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Senate calls on big tech executives to testify

2020-10-17 | 🔗
Sen. Marsha Blackburn, R-Tenn., explains why the senate is calling for social media company bosses to testify on Capitol Hill.
This is an unofficial transcript meant for reference. Accuracy is not guaranteed.
Will outrage continues to grow? Will outrage continues to grow following Facebook and twitter censoring? The Senate is now calling for the ceos of Facebook, Twitter and Google to testify on Capitol Hill here with what we can expect, one of the senators grilling the tech, Ce Oz, member of the Judiciary Committee author of the mind of a conservative woman, Marsha Blackburn. What will you want to hear and what will you be asking these tech ceos? Well, they are going to be coming before us on October 28th at Commerce Committee. We had actually subpoenaed them unanimous vote from the committee a couple of weeks ago. Now they decided to appear voluntarily. So what we are looking at, which section two hundred and thirty and the reforms that are going to be necessary for six, two hundred and thirty. Now this deals with that liability protection shield that big tech has been hiding behind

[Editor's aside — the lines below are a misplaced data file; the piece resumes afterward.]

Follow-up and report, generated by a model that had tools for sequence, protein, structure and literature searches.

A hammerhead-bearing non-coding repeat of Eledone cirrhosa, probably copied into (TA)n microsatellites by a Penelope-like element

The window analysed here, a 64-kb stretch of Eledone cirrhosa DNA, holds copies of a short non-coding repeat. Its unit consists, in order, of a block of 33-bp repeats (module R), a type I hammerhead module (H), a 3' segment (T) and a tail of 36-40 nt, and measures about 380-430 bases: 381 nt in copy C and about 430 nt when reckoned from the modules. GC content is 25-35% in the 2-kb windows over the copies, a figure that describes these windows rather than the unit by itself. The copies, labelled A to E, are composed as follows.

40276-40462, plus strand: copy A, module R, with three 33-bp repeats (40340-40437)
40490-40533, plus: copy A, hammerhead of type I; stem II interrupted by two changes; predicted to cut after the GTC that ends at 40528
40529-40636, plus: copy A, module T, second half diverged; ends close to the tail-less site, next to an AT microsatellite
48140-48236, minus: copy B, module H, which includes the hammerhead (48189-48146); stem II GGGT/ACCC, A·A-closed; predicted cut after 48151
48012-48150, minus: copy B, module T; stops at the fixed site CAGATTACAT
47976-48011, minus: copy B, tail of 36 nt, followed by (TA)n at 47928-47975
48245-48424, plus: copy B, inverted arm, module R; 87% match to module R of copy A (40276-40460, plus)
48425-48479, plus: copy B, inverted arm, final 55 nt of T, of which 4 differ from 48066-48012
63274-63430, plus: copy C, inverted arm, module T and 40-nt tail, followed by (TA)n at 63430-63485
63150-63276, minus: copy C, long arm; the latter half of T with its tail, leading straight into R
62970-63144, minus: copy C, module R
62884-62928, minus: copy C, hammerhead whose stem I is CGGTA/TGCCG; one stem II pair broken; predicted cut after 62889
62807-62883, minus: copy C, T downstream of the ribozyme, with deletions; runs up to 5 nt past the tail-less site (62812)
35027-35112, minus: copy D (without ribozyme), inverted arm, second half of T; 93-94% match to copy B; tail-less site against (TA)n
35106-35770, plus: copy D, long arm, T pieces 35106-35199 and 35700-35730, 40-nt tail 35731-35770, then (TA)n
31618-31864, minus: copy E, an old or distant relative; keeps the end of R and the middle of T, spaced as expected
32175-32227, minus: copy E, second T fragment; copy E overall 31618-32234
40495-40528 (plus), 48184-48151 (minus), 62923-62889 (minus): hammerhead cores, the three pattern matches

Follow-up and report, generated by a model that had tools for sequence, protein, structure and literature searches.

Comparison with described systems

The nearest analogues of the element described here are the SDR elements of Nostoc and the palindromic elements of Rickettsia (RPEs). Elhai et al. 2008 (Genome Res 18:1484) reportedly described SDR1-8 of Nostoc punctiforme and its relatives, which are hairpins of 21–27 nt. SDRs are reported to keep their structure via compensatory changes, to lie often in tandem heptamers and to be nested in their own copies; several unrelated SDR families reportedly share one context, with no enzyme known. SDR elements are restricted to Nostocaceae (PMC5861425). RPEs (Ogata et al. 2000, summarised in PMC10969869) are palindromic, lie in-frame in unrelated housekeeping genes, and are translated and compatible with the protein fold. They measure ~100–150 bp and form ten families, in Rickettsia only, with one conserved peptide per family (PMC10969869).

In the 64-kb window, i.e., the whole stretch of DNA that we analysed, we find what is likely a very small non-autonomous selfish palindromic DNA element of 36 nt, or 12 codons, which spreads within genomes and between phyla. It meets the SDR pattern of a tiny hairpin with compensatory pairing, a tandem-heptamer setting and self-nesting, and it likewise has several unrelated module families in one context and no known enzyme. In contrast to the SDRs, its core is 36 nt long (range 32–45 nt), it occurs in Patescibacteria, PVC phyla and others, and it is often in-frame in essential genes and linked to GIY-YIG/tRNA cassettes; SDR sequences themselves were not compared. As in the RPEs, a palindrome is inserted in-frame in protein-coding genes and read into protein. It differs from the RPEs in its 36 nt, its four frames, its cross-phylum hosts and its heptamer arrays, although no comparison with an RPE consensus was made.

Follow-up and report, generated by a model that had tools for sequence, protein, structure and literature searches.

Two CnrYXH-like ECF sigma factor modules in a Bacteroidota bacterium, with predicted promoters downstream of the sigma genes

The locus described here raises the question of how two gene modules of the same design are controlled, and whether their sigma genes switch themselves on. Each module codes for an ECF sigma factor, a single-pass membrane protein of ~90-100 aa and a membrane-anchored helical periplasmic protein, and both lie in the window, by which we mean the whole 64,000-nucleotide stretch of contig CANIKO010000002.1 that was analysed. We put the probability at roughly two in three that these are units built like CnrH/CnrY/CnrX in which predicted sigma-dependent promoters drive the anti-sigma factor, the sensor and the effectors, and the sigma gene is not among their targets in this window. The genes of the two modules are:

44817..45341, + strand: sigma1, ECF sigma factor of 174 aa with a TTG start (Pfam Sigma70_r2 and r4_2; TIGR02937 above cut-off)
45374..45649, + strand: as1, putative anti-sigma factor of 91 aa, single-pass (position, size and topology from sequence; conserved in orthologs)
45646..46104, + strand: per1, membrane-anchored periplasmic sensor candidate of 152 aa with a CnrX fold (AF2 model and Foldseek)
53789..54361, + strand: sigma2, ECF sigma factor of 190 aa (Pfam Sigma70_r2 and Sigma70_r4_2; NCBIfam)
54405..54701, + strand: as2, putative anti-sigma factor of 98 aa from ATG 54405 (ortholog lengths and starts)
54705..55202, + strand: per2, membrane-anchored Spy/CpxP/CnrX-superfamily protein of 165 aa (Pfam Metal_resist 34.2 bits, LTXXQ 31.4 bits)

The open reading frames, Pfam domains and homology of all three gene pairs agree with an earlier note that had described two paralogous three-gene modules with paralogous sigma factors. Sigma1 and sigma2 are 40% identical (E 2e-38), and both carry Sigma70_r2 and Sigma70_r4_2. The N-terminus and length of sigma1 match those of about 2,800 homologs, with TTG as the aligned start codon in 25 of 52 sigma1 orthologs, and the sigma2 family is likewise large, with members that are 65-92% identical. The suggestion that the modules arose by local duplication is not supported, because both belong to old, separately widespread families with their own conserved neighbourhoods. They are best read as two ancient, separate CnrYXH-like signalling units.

and censoring using to censor. Conservatives censor many of our entertainers, and this is one of the things that our legislation to online freedom and viewpoint, diversity, act, which Chairman wicker and chairman, Graham, have eached, joined me in this legislation. What we would do is turn that shield back into something that is transparent by saying here is when you can use it here is when you cannot use it and being explicit in that also defining who is a cob tents, creator and moderator will Senator look who is going to be coming before you here are some of the ceos, Jack Doorsy of Twitter Mark Zuckerberg of Facebook, Sundar Pay. Could I of alphabet
and Google many worried about stepping private company and regulating speech you are focusing specifically, I think, its important for everybody to understand on section two hundred and thirty, which provides liability if you are a neutral platform and not a publisher, telling us how you might propose changes for oversight here. Is the question senator? Why not take section two hundred and thirty away? Why not let these companies be liable to sue for what they may or may not plush thats right the reason, as we have worked on this over the last seven years, the reason you do not take it away is because you wanted a competitive marketplace and section two hundred and thirty was put in place for new start businesses. This is something that was put there in the 1990s as the internet, and these platforms were growing. They are no longer in their infancy. Will small companies but no longer to massive tech companies thats right? Will we look forward to.
Transcript generated on 2020-10-17.